There’s a short stretch along the Charleston waterfront, just a few hundred yards from the South Carolina Aquarium, where tens of thousands of enslaved people took their first steps in the New World.
The site, Gadsden’s Wharf, was among the most prolific international slave trading ports in the United States. But until recently, the site bore no mention of its slave-trading past. It was only during the development of the International African American Museum — a landmark $100 million project that has been in the works for more than 20 years — that researchers brought to light the full history of Gadsden’s Wharf.
“We were part of how Gadsden’s Wharf was coming into community recognition and community conversation,” said Dr. Tonya Matthews, the museum’s president and chief executive. While Gadsden’s Wharf has long been acknowledged as a historic site, she said, “we weren’t actually talking about what that history was.”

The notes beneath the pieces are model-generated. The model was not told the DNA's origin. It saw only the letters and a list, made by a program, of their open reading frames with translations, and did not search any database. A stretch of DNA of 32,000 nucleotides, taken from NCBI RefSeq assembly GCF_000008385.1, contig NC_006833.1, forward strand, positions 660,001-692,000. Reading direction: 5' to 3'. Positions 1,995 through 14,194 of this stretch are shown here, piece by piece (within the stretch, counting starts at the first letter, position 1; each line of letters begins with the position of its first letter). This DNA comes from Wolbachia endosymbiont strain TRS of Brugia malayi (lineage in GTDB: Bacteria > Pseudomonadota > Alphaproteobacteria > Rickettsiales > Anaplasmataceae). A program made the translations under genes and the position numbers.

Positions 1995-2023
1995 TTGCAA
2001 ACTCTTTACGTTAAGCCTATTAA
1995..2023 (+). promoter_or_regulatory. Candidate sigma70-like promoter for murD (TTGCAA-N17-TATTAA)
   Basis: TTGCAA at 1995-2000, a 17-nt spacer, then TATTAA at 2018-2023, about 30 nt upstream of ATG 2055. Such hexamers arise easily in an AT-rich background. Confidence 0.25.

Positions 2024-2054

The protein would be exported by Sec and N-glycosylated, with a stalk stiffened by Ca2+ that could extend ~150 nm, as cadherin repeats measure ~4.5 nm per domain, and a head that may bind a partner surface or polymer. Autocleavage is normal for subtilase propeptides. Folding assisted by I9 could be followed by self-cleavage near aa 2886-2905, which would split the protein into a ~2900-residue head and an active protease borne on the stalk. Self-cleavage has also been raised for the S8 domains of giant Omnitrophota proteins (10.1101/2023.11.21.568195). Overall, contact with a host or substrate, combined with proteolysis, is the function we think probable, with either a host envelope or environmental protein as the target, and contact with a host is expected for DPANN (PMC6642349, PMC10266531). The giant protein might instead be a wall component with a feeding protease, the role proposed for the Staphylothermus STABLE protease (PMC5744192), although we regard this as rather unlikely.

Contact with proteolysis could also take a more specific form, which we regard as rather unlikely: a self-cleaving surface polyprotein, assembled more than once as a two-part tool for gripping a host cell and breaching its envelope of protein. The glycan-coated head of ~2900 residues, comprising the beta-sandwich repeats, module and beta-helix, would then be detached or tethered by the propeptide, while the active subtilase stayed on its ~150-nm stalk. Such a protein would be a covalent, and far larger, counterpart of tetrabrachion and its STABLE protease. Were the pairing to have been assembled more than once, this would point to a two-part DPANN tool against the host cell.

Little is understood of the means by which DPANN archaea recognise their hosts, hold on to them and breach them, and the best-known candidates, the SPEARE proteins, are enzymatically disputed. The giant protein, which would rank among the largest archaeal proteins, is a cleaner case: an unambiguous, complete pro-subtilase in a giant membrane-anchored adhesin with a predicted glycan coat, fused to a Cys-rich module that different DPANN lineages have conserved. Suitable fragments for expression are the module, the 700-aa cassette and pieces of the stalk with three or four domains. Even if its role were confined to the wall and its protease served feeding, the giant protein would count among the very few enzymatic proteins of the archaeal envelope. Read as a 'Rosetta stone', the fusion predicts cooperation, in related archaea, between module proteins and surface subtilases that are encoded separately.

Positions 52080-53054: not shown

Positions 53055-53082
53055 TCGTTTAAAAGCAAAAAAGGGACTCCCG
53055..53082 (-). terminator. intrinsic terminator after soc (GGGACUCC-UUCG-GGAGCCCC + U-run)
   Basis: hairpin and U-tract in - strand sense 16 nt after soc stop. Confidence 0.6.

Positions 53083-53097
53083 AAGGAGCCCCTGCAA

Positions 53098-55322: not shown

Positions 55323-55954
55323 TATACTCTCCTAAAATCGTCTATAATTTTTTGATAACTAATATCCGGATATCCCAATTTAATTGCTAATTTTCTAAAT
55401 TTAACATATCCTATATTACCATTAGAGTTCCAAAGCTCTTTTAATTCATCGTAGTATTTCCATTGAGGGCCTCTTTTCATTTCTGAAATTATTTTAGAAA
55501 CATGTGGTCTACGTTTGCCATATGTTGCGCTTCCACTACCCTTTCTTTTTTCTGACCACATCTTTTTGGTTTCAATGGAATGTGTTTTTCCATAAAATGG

The I.A.A.M., which opens in January, will change that. Dedicated to “telling the full story of the African American journey, from ancient African civilization to modern day,” the museum’s nearly 150,000 square feet of space will include nine galleries as well as a genealogy center where visitors can get help researching their family histories. Dr. Matthews said she is already seeing a strong response from the public.
“We are clearly in a period of acceleration in our conversations around African American history, the African American journey, race and racial justice — and the museum is in the middle of that,” Dr. Matthews said.